"My scurrying ancestor."
"The rat with the hairy tale."
"Lovable little guy."
Readers who left comments on nytimes.com had choice words for an artist's rendering of a placental mammal that scientists say was the earliest common ancestor of humans and other species. The front-page article by John Noble Wilford attracted more than 225 comments and a wide range of sentiments: appreciation, skepticism, wonder, humor ("saw one [of] those on the Lexington Ave. #6, he looked content and completely unafraid").
Reporters are pleased when an editor decides to "turn on the comments" on an article (because the comments are moderated, not every article can be opened to them). The conversations that emerge can provide a way to reconsider an issue or article through the eyes of others -- or merely contribute new and enjoyable punch lines.
"So is [it] just lawyers that evolved from this rat or everyone?"
Smoking and Mental Illness
People with mental health problems have been known to be far more likely to smoke cigarettes than others, but now federal health officials have quantified how much. A new report found that 31 percent of all cigarettes are smoked by adults with mental illness, and 40 percent of men and 34 percent of women with mental illness smoke. The problem has been exacerbated by mental hospitals, which have used cigarettes as rewards for patients' good behavior, though some are now adopting antismoking rules, as Pam Belluck reported in The Times last week.
Remember the man who jumped out of a capsule 24 miles above New Mexico in October and fell to earth for four scary minutes? Not only did he become the first human to break the sound barrier with his body (in a claustrophobia-inducing pressurized suit), but authorities are now saying he went faster than initially estimated: according to The Associated Press, he fell at a top speed of 843.6 miles per hour, or Mach 1.25, with Mach being the speed of sound. At the time, his top speed had been pegged at 834 m.p.h., or Mach 1.24.
Look Homeward, Salmon
Pacific salmon are born in freshwater rivers that empty into the ocean, and then -- in migration patterns that amaze and baffle -- often return to their rivers of birth at spawning time. A new report in the journal Current Biology says that the fish are tuned in to Earth's magnetic force field and use this sense to find their way home. An article in The Wall Street Journal described how scientists discovered this by looking at the routes that sockeye salmon took around Vancouver Island to return to their spawning grounds in the Fraser River.
That's how many are in the largest prime number ever discovered, which was announced by mathematicians at the University of Central Missouri. Curtis Cooper, a computer science professor at the school, has made something of a cottage industry out of finding huge prime numbers, and this is the third record he has claimed. The latest one "took 39 days of nonstop computing on one of the university's PCs" to find, according to a news release. Fun facts: these mega-prime numbers are called Mersenne numbers, named for a 17th century French monk; the hunt for them is called the Great Internet Mersenne Prime Search, or G.I.M.P.S. And according to The Associated Press, anyone who can come up with one that has 100 million digits could win $150,000 from the Electronic Frontier Foundation.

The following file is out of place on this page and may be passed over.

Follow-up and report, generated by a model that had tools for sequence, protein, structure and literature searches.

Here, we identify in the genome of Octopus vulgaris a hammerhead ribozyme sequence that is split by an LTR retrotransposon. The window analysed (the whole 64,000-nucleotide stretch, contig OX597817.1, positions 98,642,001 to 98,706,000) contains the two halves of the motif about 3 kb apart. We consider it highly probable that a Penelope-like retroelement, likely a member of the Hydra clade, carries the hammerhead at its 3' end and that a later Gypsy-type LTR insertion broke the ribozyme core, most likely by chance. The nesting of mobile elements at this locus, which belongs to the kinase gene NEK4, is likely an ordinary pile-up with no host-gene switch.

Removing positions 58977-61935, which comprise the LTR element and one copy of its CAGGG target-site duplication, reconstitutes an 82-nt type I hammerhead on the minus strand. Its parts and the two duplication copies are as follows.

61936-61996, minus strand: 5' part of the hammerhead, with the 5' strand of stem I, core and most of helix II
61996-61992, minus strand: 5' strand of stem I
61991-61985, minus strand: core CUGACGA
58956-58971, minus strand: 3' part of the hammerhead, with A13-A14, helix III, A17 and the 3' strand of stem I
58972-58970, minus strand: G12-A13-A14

In a Word, Moose
"People love to see moose," said Lee Kantar, the state of Maine's moose biologist, in a video on The Boston Globe's Web site, where an article described an effort to take a moose census by flying over them in a helicopter. The tally in Maine -- about 76,000 -- was higher than expected and led for calls to issue more moose-hunting licenses. By contrast, Minnesota just canceled its moose hunting season after an aerial survey showed a moose paucity: according to The Associated Press, the population in northeastern Minnesota has dropped precipitously, to an estimated 2,760 moose.
No Need to Duck
A 150-foot long chunk of rock is hurtling toward Earth, but you don't have to worry about it, according to NASA. The asteroid, known by the distinctly un-catchy name of 2012 DA14, will pass by on Friday, coming within 17,200 miles of our planet -- "so close that it will pass inside the ring of geosynchronous weather and communications satellites" -- but leaving us unscathed, NASA officials said. People in Eastern Europe, Asia and Australia who have binoculars and know where to look may be able to see the asteroid, but the rest of us are out of luck.
This article originally appeared in The New York Times.